Open access in Japan – an inside perspective

At a time of increasing support for open access in Japan, we spoke to Yuko Nagai of the Zoological Society of Japan about the society’s new open access journal and the future of open access in the country.

It is an exciting time for open access in Japan. While the Japanese government is planning to formally announce their report on how Japan should deal with their open access policy for publicly funded research in the next few weeks, Japanese societies are making plans for their move towards publishing more of their research open access.

At BioMed Central, we are delighted that this year we will gain three new partnerships with Japanese societies in addition to the three that we already have.

Our first society partnership in Japan dates back to 2007 with the launch of BioPsychoSocial Medicine, the official English publication of the Japanese Society of Psychosomatic Medicine. Then, in 2012 the Japan Society of Physiological Anthropology decided to relaunch Journal of Physiological Anthropology on the BioMed Central platform. The journal goes from strength to strength, increasing its submissions and publications from around the world and doubling its impact factor between 2012 and 2013.

In  October 2013, the Japanese Society of Intensive Care Medicine  launched a new journal, Journal of Intensive Care. And these three journals are joined in our portfolio this year, by Zoological Letters, Genes and Environment, and Journal of Pharmaceutical Health Care and Sciences.

To mark our new partnerships this year, I asked one of the leading lights of society journal publishing in Japan, Yuko Nagai, Secretary General of the Zoological Society of Japan (ZSJ) for her thoughts on the state of open access in Japan. Ms Nagai visited our London office to discuss the recent launch of Zoological Letters,  a new open access journal from the ZSJ, which will focus on publishing highly citable work in zoology.

In our interview, transcribed in full below, Ms Nagai describes the society’s thinking in launching a new open access journal, and some of the considerations they took into account. She goes on to reflect on the changes taking place in Japan, from views around open access, to research from government, societies, and researchers, and gives advice to societies considering launching their own journal.

DK: Congratulations on the launch of Zoological Letters. Can you tell me the reason that the society chose to launch this journal open access?

Yuko Nagai
Yuko Nagai

YN: Thank you so much. But, as you know, the real work is still to come. We have been publishing our journal for 130 years, first as Zoological Magazine, which was later joined by Annotationes zoologicae Japonenses. These titles subsequently merged to form Zoological Science (ZS), which, as our society’s flagship title, is now published on a subscription basis on the BioOne website.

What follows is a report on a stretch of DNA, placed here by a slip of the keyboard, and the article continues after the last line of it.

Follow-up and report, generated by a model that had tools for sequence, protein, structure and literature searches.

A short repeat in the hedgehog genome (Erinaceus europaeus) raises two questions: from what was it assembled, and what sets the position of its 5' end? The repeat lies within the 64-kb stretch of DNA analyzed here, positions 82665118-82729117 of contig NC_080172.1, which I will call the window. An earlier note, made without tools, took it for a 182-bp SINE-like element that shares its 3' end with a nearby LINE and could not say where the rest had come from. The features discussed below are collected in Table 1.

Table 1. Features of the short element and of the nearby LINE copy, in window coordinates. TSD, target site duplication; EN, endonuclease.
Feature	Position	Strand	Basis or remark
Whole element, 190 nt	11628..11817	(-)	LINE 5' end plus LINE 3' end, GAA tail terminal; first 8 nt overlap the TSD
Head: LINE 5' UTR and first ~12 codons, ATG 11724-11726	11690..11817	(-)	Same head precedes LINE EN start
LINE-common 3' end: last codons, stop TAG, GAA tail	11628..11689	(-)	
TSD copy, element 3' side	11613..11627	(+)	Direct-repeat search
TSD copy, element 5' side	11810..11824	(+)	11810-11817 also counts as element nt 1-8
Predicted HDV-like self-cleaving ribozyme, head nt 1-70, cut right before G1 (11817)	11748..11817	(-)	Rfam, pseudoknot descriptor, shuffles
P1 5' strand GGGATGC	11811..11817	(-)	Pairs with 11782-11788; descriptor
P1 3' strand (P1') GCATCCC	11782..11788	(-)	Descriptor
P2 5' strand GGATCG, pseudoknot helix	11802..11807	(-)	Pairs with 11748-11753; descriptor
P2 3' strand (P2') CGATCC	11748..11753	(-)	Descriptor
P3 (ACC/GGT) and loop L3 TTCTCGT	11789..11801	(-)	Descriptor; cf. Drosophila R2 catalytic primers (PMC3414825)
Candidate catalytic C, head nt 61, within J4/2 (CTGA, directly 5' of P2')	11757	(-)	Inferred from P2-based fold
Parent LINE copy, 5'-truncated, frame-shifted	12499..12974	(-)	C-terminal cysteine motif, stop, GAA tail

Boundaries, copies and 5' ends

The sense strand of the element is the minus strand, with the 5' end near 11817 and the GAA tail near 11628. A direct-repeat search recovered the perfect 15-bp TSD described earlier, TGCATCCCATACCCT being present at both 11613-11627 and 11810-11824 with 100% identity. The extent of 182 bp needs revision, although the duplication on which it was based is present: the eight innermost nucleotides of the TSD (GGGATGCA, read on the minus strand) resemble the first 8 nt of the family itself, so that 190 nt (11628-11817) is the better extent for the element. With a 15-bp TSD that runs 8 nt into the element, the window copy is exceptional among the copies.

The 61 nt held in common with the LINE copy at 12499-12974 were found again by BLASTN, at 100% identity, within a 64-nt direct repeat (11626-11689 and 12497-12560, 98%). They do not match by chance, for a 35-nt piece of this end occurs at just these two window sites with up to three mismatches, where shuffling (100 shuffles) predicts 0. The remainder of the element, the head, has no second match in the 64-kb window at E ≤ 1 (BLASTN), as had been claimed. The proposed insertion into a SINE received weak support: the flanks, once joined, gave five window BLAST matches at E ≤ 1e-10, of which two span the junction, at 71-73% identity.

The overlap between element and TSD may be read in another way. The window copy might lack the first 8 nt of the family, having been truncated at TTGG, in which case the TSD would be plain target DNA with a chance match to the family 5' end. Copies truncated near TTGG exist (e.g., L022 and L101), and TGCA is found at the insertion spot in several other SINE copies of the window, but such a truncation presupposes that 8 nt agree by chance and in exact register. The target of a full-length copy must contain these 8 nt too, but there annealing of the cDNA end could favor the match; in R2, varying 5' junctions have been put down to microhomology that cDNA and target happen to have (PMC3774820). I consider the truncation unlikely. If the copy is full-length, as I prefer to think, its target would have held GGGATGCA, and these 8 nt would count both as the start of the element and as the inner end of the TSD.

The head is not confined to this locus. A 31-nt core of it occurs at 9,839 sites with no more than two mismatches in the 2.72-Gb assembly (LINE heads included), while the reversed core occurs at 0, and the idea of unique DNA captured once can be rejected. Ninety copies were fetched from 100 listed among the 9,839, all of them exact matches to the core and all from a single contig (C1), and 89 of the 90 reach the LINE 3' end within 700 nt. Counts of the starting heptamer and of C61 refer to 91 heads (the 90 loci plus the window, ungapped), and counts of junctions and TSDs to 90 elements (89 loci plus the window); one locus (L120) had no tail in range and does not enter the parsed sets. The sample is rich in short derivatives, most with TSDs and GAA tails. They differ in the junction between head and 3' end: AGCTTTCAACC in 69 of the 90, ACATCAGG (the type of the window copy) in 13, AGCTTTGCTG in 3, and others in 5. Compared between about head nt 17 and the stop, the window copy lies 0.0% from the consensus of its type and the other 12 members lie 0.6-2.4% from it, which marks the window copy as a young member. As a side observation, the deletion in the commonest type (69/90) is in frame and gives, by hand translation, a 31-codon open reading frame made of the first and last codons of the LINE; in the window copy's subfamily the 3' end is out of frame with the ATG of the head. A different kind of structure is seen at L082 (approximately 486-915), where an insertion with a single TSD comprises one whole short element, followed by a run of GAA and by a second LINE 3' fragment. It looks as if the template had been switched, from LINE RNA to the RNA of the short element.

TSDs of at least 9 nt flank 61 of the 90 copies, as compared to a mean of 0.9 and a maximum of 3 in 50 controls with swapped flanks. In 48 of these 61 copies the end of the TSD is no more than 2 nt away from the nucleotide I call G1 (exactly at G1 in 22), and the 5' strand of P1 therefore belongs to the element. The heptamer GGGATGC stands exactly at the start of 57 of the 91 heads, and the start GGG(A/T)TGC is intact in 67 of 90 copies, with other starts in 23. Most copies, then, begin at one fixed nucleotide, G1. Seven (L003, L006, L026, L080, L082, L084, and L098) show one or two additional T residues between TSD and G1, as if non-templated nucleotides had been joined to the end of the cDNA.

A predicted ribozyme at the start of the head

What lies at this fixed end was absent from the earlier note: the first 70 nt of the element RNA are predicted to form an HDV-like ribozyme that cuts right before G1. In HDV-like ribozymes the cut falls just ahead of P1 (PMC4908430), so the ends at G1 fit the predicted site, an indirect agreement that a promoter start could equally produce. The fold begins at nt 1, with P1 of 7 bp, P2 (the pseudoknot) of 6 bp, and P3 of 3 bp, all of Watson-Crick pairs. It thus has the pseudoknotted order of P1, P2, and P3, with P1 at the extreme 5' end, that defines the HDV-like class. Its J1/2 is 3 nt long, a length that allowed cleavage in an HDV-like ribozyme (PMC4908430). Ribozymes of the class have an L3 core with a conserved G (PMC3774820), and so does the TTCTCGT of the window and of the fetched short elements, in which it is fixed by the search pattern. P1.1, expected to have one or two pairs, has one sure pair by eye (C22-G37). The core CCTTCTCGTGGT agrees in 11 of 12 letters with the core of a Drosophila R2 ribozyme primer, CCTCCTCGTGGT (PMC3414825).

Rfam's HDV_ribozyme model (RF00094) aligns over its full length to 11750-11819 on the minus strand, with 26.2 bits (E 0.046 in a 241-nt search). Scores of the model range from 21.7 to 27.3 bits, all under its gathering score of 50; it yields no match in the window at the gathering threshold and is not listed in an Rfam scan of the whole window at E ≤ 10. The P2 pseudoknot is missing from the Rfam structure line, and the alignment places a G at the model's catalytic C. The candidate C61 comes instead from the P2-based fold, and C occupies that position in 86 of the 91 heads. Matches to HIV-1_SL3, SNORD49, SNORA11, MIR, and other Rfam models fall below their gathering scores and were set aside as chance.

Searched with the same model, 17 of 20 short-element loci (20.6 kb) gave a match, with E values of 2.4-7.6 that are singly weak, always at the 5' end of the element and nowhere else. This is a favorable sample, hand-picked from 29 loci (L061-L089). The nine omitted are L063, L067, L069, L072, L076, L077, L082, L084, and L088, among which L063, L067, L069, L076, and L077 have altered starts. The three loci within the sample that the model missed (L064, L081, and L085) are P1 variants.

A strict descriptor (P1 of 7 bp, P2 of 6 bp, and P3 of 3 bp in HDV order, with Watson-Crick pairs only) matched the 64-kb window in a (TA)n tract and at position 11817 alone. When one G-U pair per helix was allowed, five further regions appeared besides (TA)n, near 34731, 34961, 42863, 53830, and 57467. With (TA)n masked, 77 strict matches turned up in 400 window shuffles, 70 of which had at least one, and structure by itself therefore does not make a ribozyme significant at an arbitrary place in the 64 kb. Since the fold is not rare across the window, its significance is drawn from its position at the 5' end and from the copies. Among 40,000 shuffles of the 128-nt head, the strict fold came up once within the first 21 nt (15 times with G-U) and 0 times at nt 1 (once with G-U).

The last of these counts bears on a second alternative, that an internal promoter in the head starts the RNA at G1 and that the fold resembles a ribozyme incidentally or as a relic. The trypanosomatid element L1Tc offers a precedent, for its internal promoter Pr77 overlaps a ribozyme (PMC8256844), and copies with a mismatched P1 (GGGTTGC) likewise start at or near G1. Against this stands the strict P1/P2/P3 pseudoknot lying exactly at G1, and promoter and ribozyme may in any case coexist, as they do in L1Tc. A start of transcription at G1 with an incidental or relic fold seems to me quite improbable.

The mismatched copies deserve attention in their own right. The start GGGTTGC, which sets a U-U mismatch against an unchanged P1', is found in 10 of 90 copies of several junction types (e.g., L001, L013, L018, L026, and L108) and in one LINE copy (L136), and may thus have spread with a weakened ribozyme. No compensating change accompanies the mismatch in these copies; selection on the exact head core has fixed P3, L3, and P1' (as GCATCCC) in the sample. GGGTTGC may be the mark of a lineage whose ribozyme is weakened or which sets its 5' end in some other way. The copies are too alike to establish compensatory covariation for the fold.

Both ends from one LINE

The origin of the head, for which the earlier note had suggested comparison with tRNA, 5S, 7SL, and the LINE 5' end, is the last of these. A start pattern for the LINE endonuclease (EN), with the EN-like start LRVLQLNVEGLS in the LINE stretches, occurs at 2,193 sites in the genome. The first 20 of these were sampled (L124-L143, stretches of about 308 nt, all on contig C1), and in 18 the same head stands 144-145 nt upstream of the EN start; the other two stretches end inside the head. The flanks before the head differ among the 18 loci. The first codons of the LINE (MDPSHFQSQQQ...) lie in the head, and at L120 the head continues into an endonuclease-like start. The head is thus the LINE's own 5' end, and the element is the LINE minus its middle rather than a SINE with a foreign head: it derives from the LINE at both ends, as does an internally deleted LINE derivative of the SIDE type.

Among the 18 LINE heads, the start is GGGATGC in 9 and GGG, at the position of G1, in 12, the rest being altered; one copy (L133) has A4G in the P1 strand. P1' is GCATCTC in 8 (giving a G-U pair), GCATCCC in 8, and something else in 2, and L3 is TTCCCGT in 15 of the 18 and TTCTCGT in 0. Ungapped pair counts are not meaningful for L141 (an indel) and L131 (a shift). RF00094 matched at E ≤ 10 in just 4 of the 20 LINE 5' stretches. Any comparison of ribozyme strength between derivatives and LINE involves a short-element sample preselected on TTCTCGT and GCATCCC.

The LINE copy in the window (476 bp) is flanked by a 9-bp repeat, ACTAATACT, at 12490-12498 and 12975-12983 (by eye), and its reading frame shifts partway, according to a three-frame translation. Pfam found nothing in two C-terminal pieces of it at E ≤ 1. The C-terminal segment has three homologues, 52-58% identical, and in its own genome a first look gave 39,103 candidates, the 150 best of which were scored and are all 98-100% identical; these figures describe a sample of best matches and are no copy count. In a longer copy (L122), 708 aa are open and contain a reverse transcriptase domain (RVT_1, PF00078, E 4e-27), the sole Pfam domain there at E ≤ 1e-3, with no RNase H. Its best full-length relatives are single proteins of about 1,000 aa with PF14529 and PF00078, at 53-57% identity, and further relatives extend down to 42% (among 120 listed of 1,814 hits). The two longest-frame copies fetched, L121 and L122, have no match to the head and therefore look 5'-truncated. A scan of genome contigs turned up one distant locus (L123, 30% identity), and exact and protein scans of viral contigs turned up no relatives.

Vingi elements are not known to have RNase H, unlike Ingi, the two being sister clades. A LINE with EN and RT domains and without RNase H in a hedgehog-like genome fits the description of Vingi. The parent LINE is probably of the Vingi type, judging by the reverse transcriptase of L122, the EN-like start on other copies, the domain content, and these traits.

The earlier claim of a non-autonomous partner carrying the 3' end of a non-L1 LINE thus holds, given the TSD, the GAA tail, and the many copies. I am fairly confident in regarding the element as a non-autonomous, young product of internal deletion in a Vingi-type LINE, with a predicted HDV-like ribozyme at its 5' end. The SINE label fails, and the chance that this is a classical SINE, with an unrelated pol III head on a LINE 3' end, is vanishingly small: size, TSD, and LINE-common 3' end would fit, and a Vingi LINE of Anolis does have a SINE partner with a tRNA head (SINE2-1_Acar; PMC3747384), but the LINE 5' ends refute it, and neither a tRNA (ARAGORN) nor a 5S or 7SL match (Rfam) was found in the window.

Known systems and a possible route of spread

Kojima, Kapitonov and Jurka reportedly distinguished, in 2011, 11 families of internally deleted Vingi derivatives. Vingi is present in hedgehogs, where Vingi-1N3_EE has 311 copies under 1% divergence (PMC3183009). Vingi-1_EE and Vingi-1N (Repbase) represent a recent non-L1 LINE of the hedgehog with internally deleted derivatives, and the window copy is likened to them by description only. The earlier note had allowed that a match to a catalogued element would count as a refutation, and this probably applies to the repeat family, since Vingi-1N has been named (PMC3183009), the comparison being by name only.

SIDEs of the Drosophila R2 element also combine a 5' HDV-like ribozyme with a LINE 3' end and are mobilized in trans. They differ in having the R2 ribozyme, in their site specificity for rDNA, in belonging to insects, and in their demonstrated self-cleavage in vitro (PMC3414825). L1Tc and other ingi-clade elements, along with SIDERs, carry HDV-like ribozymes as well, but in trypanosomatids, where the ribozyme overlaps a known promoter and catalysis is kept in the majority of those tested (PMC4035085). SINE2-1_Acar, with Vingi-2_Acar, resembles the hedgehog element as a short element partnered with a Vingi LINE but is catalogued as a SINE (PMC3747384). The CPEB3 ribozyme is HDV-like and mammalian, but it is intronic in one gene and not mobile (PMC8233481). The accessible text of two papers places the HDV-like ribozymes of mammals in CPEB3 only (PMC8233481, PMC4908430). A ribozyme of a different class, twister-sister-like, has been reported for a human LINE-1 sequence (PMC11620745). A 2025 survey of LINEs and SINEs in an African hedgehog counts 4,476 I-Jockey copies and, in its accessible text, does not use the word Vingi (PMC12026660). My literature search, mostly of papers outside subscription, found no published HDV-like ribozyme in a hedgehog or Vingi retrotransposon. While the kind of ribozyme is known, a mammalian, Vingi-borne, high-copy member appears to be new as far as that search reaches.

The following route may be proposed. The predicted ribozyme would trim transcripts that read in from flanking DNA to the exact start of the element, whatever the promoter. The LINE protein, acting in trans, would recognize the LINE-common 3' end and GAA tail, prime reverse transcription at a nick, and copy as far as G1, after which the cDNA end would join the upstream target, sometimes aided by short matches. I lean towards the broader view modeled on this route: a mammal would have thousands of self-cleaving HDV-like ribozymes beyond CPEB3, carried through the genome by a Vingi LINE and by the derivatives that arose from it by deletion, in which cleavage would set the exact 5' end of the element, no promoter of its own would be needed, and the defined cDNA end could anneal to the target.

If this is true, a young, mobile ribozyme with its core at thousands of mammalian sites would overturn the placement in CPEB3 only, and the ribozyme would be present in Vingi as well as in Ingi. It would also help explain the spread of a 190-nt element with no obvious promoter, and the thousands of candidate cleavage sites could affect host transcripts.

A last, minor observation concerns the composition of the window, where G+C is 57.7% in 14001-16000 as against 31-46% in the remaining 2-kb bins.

We had previously considered transitioning ZS to an Open Access (OA) model, but as seems to be the case for many subscriber-funded titles, this was not an easy change to make. In addition to the inherent challenges, we also wanted to maintain our emphasis on the importance of Zoological Science as a forum for publishing research of unique value to the community, rather than simply raising its Impact Factor.

That said, it was impossible for us to dismiss the ongoing shift toward OA publishing. Ultimately, the Zoological Society of Japan opted to launch a new OA title with stringent editorial standards focused on publishing highly citable work. It was a difficult decision, but one that we felt we had to make given the growing importance of OA.

And what is the current status of open access in Japan? Are there any mandates in place?

I’d like to comment on this based on my personal observation, rather than as a statement of official policy. As you may be aware, most of Japan’s OA journals are hosted on J-STAGE, which, while I suppose you could debate the semantics, I think has come to represent a de facto form of OA publication. This is not due to authors’ decisions about whether or not to publish their work in an OA journal, but simply because in most cases the electronic versions of articles are made freely available online.

I am not sure if that is completely consistent with how OA is currently defined, but I think this an important point when considering the state of OA journals in Japan – effectively, many journals already make articles freely available online, which are subsidized from society membership fees and other funding sources without relying on APCs.

The thinking has been that by opening up access, work would be read by a wider audience of researchers, and thus help to raise journals’ impact rankings, but we have found that this is not so simple to achieve. Making journals openly available is helpful to make them visible, but is not enough to gain them high impact. Unfortunately, many Japanese journal publishers still have that mindset.

So, in answer to the question, I would say that while many scientists understand what OA is and would be eager to publish in a journal like PLoS One, from the perspective of an OA journal it seems that Japan’s strategy for OA publishing remains under-developed. I should also point out that there is not really a push for making OA publication mandatory.